Considering the magnitude of the funding requirements under the NIP and the stretched government finances, the NIP financing plan envisages a mix of government and private funding, along with innovative solutions.
Challenges and solutions for increasing long-term investments
With the benefit of hindsight, greenfield infrastructure development is being pursued by fewer private sector players. The lenders have been at the receiving end of the build-up of stressed infrastructure assets. This is triggering a domino effect, where current players are not able to take on the challenge of meeting all the new infrastructure demands and goals. Even if they attempted to do so, the debt financiers would encounter constraints imposed by prudential norms pertaining to counterparty exposure.
Hence, the public sector has stepped in to take the lead role and will continue to do so in the foreseeable future. To facilitate this, it is imperative that adequate revenues from affordable user charges are generated in a timely manner. Along with this, there is a need for a substantial amount of long-term financing.
Given the growth-oriented outlook for the infrastructure sector, several new measures are being implemented to increase long-term infrastructure financing. These measures include the development of the municipal bonds market, which is critical in the context of rapid urbanisation; and the establishment of a new dedicated credit enhancement NBFC to improve the credit risk profile of infrastructure companies.
Other measures that we collectively need to deliberate upon are:
- Relaxing the restrictions imposed on the exposure of pension funds/insurance funds to unlisted InvIT/REIT assets.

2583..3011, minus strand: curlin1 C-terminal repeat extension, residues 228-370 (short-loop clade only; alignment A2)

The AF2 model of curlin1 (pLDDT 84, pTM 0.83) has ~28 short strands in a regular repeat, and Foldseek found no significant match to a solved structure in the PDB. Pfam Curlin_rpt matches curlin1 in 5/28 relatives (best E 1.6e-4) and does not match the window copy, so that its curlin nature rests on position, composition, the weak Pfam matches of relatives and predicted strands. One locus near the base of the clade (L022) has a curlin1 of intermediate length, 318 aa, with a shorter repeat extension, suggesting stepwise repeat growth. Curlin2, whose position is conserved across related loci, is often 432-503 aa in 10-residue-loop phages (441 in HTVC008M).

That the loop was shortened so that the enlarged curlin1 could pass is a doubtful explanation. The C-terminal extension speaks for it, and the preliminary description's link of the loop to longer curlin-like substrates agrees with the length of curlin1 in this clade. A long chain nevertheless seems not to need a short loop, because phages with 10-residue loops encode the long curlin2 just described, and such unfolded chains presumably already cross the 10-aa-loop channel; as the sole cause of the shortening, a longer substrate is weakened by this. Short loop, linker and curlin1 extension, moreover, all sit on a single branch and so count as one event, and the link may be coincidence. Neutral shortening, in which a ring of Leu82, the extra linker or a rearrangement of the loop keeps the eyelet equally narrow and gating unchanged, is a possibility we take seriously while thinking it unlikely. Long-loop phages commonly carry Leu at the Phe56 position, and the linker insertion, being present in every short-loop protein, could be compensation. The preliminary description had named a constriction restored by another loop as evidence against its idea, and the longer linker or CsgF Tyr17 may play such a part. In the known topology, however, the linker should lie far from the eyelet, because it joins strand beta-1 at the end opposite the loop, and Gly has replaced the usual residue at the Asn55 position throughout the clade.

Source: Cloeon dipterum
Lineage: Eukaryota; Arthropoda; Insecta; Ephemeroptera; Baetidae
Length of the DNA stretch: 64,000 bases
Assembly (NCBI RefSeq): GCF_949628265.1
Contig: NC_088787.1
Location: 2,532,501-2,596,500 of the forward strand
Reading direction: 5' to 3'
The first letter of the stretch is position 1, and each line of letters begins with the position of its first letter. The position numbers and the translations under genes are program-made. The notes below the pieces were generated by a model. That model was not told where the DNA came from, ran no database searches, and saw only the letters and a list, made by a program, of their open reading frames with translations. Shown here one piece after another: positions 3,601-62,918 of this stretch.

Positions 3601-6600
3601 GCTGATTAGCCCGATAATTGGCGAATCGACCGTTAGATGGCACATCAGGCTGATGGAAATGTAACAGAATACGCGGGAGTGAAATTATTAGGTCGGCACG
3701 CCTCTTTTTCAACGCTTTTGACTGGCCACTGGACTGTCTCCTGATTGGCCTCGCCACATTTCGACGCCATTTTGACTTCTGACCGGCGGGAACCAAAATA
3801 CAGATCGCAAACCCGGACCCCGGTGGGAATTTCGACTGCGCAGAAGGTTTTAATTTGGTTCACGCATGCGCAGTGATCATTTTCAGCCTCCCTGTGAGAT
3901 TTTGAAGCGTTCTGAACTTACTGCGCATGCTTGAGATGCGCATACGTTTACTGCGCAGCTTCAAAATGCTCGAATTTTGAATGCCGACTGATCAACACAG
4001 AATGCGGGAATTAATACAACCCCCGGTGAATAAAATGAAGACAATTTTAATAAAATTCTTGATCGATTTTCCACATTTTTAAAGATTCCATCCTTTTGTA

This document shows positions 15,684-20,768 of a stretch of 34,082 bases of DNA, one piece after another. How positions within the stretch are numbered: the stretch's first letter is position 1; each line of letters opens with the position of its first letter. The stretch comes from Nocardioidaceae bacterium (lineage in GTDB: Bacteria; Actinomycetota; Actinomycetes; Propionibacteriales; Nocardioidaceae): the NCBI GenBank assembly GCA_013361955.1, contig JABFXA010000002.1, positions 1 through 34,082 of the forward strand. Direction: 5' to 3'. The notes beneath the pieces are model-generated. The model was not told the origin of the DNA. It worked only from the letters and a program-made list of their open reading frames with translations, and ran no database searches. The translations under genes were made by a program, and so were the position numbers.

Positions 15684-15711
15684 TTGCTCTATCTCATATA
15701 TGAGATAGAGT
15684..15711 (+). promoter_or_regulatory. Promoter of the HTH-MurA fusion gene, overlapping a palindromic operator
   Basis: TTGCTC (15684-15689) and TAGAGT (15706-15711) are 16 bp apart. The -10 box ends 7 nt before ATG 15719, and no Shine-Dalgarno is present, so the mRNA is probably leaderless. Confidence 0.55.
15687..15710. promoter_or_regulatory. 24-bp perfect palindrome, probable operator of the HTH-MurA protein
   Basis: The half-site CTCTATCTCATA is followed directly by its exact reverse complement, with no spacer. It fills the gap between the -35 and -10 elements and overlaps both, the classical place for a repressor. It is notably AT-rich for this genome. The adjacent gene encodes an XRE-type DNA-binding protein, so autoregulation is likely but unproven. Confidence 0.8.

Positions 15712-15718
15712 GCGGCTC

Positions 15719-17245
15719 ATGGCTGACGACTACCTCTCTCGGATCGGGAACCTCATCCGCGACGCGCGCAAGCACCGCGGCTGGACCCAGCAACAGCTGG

- Tapping the 30 million-strong Indian diaspora (non-resident Indians and persons of Indian origin) through credit-enhanced investment instruments that compete with low-yielding deposits overseas.
- Tapping the rich residents for government-issued equity-risk type investments, designed in a manner similar to schemes such as the US’s EB-5 the UAE’s Golden Visa, with added incentives of priority public services.
- Tapping individual and household deposits through bonds structured like savings accounts, with floating interest coupons linked to rates such as the SBI’s savings account interest rate and providing insurance coverage in a range similar to 2x-3x the level of the Deposit Insurance and Credit Guarantee Corporation’s coverage.
- Allowing a portion of earmarked corporate social responsibility expenditures in infrastructure projects in impoverished areas.
- Inclusion of green and social loans in priority sector lending, and lower capital risk-weights for the same.
- Lowering the threshold for pension funds and insurers for investments in infrastructure expected loss-rated instruments from A/Infra EL 1 to BBB/Infra EL 2.
- Increasing the use of value capture financing to tap into local areas for funding.